Elon Musk would ‘reverse’ Twitter’s ‘foolish’ ban on President Trump if he acquires the company

by Grace Saldana

Photo: Alamy

Elon Musk has finally answered the question that many conservatives have been asking since he first entered a deal to acquire Twitter.

As first reported by CNBC, Musk said during an FT Live conference this week that he would indeed reverse Twitter’s controversial ban on President Donald Trump’s official account.

Twitter’s unprecedented permanent suspension of President Trump’s account in the aftermath of the Jan. 6 Capitol protests marked the first-ever move by a Big Tech giant to completely silence a sitting U.S. president.

Musk explained, “Permanent bans should be extremely rare” and “reserved for accounts that are bots or spam accounts where there’s just no legitimacy to the account at all.”

The billionaire innovator clarified that he thinks it was “not correct to ban Donald Trump” and referred to the decision as a “mistake.”

The ban “alienated a large part of the country and did not ultimately result in Donald Trump not having a voice – he is now going to be on Truth Social…as will a large part of the, sort of the, right in the United States,” Musk continued.

However, he noted he believes Trump’s and his supporters’ migration to Truth Social is “frankly worse” than having “a single forum where everyone can debate.”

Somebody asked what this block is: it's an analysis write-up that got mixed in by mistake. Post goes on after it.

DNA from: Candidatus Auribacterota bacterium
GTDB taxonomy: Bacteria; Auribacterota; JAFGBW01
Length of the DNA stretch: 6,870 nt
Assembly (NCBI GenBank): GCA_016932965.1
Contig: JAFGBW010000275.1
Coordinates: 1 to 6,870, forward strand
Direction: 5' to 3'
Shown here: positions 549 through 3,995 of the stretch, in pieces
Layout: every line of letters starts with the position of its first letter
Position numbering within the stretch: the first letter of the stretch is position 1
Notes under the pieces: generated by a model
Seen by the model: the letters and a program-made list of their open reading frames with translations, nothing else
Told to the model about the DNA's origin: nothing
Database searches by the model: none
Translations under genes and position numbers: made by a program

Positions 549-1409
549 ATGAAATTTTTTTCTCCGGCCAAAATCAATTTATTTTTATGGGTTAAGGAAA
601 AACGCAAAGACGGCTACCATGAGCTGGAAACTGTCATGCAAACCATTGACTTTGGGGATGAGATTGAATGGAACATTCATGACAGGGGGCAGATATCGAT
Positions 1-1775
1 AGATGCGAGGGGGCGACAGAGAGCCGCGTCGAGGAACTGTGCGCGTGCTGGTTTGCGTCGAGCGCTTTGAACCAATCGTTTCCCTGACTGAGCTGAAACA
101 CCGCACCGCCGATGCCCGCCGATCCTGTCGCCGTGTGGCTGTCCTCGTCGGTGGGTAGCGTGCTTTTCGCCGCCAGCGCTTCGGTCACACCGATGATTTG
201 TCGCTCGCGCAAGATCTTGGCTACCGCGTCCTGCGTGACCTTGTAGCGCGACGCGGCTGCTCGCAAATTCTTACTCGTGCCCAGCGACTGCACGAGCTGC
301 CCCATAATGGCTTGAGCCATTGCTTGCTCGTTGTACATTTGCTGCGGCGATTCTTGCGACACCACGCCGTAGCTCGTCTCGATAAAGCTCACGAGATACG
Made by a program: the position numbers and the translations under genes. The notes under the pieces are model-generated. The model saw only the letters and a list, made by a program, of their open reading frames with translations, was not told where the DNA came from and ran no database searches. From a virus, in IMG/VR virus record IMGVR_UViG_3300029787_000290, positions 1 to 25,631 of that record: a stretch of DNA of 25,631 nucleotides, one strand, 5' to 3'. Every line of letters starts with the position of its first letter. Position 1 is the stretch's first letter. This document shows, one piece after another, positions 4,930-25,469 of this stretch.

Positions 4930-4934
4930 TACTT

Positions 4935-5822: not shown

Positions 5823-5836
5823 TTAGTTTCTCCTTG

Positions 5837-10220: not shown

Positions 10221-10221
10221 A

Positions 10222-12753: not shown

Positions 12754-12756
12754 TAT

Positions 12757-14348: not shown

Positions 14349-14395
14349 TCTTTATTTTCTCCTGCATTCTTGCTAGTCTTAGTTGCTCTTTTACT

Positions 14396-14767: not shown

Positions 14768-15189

All things considered, Musk revealed, “I guess the answer is that I would reverse the permanent ban. I don’t own Twitter yet, so this is not like a thing that would definitely happen because what if I don’t own Twitter?” Interestingly, Musk made sure to state that Twitter founder Jack Dorsey shares this opinion.

In April, Musk entered a “definitive agreement” to purchase Twitter for $44 billion. However, the deal will take months to finalize. Musk reportedly plans to become Twitter’s interim CEO if and when it closes.

Musk appears prepared to transform Twitter and end its un-American censorship policies. Making his stance on the reinstatement of Trump’s account unmistakable, he stated, “I think it was a morally bad decision to be clear and foolish in the extreme.”

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